Complexity Spreading vs. Intelligent Embedded in the IoT
Which phrase is more indicative of the Internet-of-Things depends upon your viewpoint – namely, from the process or the products.
This week, my attention was on the Internet-of-Things (IoT). Earlier this week, several experts from ARM, Cadence, and other companies shared the challenges of integrating essential analog/mixed-signal and RF technologies into digitally based IoT devices. At mid-week, I interviewed ARM’s Embedded Strategist, Dominic Pajak. (Look for that video next week.) Pajak, a former microcontroller designer, brings a seasoned viewpoint to the embedded side of the IoT equation.
This system-level perspective – chip, embedded, and beyond – helped me to overcome a bias that I had to the “IoT” phrase. To be honest, I thought that IoT was just the latest marketing ploy to rehash the old computation-communication convergence “wars” from the last decade. (See “Are Mobile Communication and Computer RF Technologies on a Collision Course?,” June 2000.)
Certainly, there are similarities between these two concepts. For example, both require the ongoing convergence of analog (mixed-signal) and digital systems. But today’s IoT adds the element of sensor systems to the mix. Many engineers may view this as a trivial addition to the overall design equation, as sensors, instrumentation, and data-acquisition technologies have been understood since the ’50s.
What is new is the scale of integration, which adds a new level (network?) of complexity. This is not the deep complexity of a new transistor device structure like a FinFET or the associated 3D manufacturing challenges. Instead, the IoT requires a spreading out of reasonably well-understood technologies, which is a different kind of complexity. The end result is a complexity spreading or even smearing-out process. (From a device or product perspective, this is known as smart sensors or intelligent embedded.)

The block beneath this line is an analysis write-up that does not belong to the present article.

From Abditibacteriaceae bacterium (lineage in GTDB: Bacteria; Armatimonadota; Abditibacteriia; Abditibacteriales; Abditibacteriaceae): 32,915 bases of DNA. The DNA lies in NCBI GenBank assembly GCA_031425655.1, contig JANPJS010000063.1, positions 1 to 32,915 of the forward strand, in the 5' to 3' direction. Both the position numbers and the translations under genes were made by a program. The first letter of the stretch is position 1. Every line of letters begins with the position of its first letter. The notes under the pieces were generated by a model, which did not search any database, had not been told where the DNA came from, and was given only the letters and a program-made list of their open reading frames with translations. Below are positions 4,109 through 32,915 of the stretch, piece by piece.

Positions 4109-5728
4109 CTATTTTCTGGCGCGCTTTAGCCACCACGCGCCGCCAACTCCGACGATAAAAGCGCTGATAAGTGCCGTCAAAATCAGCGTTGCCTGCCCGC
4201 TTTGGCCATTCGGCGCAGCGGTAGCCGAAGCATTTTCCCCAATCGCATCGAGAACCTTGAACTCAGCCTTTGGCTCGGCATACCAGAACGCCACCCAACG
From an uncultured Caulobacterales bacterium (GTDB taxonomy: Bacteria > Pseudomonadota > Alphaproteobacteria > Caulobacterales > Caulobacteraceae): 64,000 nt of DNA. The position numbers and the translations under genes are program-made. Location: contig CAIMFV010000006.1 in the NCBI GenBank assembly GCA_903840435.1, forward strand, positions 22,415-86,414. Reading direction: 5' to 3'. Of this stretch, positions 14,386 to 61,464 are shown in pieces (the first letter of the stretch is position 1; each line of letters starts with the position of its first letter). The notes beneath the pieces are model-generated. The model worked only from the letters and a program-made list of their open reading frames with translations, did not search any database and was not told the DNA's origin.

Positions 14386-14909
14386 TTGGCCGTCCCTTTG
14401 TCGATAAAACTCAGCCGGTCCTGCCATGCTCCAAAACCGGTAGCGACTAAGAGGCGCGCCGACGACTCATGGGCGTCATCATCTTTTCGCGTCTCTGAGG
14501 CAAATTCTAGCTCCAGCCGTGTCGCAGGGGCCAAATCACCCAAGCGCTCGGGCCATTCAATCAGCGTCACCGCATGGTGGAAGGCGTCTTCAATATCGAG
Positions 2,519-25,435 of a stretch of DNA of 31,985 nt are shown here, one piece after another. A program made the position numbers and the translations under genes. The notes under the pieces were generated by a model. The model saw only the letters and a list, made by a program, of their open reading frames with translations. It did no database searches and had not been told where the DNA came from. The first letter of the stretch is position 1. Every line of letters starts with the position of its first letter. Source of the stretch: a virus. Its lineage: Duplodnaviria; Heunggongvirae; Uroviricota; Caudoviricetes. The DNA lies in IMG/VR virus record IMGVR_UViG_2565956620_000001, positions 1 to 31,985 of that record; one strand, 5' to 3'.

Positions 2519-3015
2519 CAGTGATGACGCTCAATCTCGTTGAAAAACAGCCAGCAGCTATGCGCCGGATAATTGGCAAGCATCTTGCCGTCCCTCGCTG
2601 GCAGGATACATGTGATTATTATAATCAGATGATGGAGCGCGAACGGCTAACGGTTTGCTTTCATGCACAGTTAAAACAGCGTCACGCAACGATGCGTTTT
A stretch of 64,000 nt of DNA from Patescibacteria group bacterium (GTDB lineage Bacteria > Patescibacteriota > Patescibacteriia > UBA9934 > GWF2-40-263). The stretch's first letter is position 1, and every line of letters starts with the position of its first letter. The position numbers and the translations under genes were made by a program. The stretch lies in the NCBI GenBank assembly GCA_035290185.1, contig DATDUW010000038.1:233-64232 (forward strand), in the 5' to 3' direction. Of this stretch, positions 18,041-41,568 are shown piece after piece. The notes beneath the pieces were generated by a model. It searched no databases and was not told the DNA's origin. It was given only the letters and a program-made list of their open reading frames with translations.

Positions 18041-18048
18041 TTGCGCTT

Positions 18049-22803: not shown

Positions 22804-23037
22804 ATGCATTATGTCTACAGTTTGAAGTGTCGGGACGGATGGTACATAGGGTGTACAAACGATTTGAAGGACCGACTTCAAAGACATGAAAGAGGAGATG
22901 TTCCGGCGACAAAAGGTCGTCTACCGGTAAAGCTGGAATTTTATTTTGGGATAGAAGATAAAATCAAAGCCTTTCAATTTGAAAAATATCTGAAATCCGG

This is not a new phrase. In the world of cellular code-division-multiple-access (CDMA) design, the term “complexity spreading” often refers to various algorithmic designs related to spread-spectrum systems. However, in terms of the smart sensor technology (sensors with some processor intelligence), I would argue that complexity spreading refers to the pushing out of this intelligence as far as possible – in this case, to the interface with the analog physical world experienced by the sensor. Whenever “intelligence” is pushed outward, so too is the technology needed to enable that intelligence – namely, digital microcontrollers, processor, memory, and interface (wired or wireless) systems.
By nature, complexity spreading requires low-power systems. Sensors are often located in remote regions or, if not remote, in very restricted areas. This necessitates extreme power conservation, which is why ARM’s processors – already a dominant force in mobile wireless technology (e.g., mobile phones) – are well positioned for the complexity spreading required by IoT.
Want to learn more? Then you should attend the “Kick-Starting IoT Session” at the ARM Tech Con:
Date: Thursday, October 31, 2013
Location: Santa Clara Convention Center (Mission City Ballroom B1)
Kick-starting IOT Session Agenda:
09.00 – 10.00 Keynote: John Cornish, ARM – Enabling the Internet of Things (Main Ballroom)
10.20 – 11.00 Simon Ford, ARM – Connecting ARM Cortex-M to the Cloud
11.00 – 12.00 Panel Session: Zach Shelby, ARM; Michael Finnegan, Sprint
12.00 – 12.30 Matt Webb, Berg – Experiences behind Innovative Product Design
12.30 – 13.00 Includes lunch
13.30 IoT Developer Hands-On Lab